Section Two of the bill would add Revenue and Taxation Code Section 17158, which is in the Personal Income Tax Law, to exclude from gross income specified grant allocations for tax years 2020 through 2029. Section Three of the bill would add Article 8, which would be titled “Collection of Recaptured California Small Business COVID-19 Relief Grants.” CalOSBA would be required to provide the Franchise Tax Board a list of grantees and their respective recaptured grant amounts as approved, in whole or in part, by CalOSBA. This section of law would remain in effect only until through November 2030.

Section Four of the bill would add Revenue and Taxation Code Section 24312, which is in the Corporate Tax Law, to exclude from gross income specified grant allocations for tax years 2020 through 2029. Section Five of the bill would appropriate $2.075 billion to the Golden State Stimulus Emergency Fund. Upon direction by GO-Biz, the state Controller would be required to transfer moneys from this Fund to the Office of Small Business Advocate for the California Small Business COVID-19 Relief Grant Program, of which $50 million would be allocated for eligible nonprofit cultural institutions.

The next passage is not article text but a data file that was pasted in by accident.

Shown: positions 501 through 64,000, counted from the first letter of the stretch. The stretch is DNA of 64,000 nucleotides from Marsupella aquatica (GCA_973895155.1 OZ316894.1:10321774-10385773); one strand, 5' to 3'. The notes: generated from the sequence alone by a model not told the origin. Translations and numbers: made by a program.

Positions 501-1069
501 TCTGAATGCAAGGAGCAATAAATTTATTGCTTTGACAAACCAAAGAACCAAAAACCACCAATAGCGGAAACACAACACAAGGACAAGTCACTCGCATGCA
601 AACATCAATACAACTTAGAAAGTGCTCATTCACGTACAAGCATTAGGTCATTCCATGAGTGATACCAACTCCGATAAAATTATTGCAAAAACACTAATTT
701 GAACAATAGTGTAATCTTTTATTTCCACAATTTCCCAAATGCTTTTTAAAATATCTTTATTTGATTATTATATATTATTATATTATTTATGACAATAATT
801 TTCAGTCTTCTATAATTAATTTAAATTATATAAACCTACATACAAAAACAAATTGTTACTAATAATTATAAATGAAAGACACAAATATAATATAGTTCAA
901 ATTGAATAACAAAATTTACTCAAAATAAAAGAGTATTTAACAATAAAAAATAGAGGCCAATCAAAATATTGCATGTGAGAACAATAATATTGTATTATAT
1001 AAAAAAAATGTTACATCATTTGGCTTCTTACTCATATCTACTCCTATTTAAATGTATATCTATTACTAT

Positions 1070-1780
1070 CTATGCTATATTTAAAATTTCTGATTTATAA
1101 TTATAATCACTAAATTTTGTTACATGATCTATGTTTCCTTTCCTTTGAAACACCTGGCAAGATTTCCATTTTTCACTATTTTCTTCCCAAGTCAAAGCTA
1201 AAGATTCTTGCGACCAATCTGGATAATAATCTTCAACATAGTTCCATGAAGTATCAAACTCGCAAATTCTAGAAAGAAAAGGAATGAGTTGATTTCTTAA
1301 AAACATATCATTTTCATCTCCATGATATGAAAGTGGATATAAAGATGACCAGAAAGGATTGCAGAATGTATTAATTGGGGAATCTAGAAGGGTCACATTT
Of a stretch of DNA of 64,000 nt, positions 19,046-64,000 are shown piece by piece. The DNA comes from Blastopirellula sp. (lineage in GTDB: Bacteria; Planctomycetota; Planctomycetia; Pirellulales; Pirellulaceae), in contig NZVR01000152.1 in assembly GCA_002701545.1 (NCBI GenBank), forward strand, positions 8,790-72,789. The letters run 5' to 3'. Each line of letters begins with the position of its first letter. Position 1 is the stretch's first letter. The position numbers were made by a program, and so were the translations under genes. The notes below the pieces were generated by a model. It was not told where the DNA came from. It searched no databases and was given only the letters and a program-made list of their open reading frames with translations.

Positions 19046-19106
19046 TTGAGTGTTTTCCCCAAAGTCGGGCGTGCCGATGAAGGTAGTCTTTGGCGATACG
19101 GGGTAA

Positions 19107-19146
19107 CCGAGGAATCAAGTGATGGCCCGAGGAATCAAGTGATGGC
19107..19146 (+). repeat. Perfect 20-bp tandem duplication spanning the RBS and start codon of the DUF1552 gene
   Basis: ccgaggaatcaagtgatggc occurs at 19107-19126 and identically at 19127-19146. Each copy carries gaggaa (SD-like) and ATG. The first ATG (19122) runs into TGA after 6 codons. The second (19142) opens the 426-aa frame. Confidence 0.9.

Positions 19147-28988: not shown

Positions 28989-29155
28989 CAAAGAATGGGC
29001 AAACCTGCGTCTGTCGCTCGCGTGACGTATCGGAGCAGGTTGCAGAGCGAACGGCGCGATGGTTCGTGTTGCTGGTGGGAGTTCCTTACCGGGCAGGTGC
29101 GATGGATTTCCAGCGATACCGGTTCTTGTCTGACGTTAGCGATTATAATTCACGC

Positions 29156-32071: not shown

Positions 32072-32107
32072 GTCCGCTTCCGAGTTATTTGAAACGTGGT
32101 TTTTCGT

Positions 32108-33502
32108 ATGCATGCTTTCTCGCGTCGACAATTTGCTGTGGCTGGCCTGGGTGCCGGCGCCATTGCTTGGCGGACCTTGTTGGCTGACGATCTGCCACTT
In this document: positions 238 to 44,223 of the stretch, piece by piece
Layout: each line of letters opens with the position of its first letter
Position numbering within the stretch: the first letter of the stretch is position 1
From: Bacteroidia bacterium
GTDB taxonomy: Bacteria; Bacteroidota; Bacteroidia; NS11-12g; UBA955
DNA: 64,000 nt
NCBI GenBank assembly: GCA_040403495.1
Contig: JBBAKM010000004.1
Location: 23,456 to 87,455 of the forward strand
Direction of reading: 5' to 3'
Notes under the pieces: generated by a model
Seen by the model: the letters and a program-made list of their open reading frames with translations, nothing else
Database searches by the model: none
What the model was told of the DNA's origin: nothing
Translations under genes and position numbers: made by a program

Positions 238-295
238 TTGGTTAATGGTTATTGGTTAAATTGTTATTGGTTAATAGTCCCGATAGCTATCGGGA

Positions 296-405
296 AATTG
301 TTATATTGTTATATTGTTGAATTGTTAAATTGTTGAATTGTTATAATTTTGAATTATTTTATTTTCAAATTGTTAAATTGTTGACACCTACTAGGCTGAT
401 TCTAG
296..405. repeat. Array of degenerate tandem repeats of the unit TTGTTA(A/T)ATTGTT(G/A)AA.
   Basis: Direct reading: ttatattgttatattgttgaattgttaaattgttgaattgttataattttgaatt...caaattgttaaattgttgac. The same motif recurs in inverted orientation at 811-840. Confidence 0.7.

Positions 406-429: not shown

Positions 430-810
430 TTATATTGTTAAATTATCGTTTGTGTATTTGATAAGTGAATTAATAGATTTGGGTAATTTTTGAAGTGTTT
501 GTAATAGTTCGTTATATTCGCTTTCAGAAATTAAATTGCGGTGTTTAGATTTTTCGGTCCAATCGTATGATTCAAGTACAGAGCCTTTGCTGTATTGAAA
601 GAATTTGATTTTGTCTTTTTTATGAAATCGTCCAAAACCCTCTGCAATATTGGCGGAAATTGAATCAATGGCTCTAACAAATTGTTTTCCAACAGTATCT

Section Seven of the bill includes a legislative finding and declaration that the California Small Business COVID-19 Relief Grant Program authorized under this bill serves the public purpose of preventing revenue decreases, closures, and higher unemployment across the state due to the COVID-19 pandemic, and does not constitute a gift of public funds. This statement is required because of the retroactive tax benefits that would be provided under the law.

This bill is expected to be adopted next week.

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8 thoughts on “New ‘Early Action’ Budget Trailer Bill for California Small Business Relief

  1. Works for me, CW!
    Reading this I feel like I’m being strangled to death and I don’t even own a business. These Dem legislators just LOVE jerking people around all day and all night.
    Open up the state for business!

  2. Works for me too! How did we go from a functioning society to needing billions of dollars and Gavin’s permission to get back to an “open” society from a virus with over a 99% survival rate??? Like you showantell I feel strangled!

  3. Showandtell, can you tell me what generation your from? I am curious with our like minds on political topics if we are from the same era?

    1. Stacy: I won’t say, but I suspect we are contemporaries. Probably enough that we are like-minded, so important and helpful in this nutty state, ha.

  4. The Dimocrats CAUSED all these economic problems with their emotionally overwrought fear-basd response to the CCP virus…
    Now they want to fix what they caused with more over-regulation and controls???
    Why do you vote for them. again?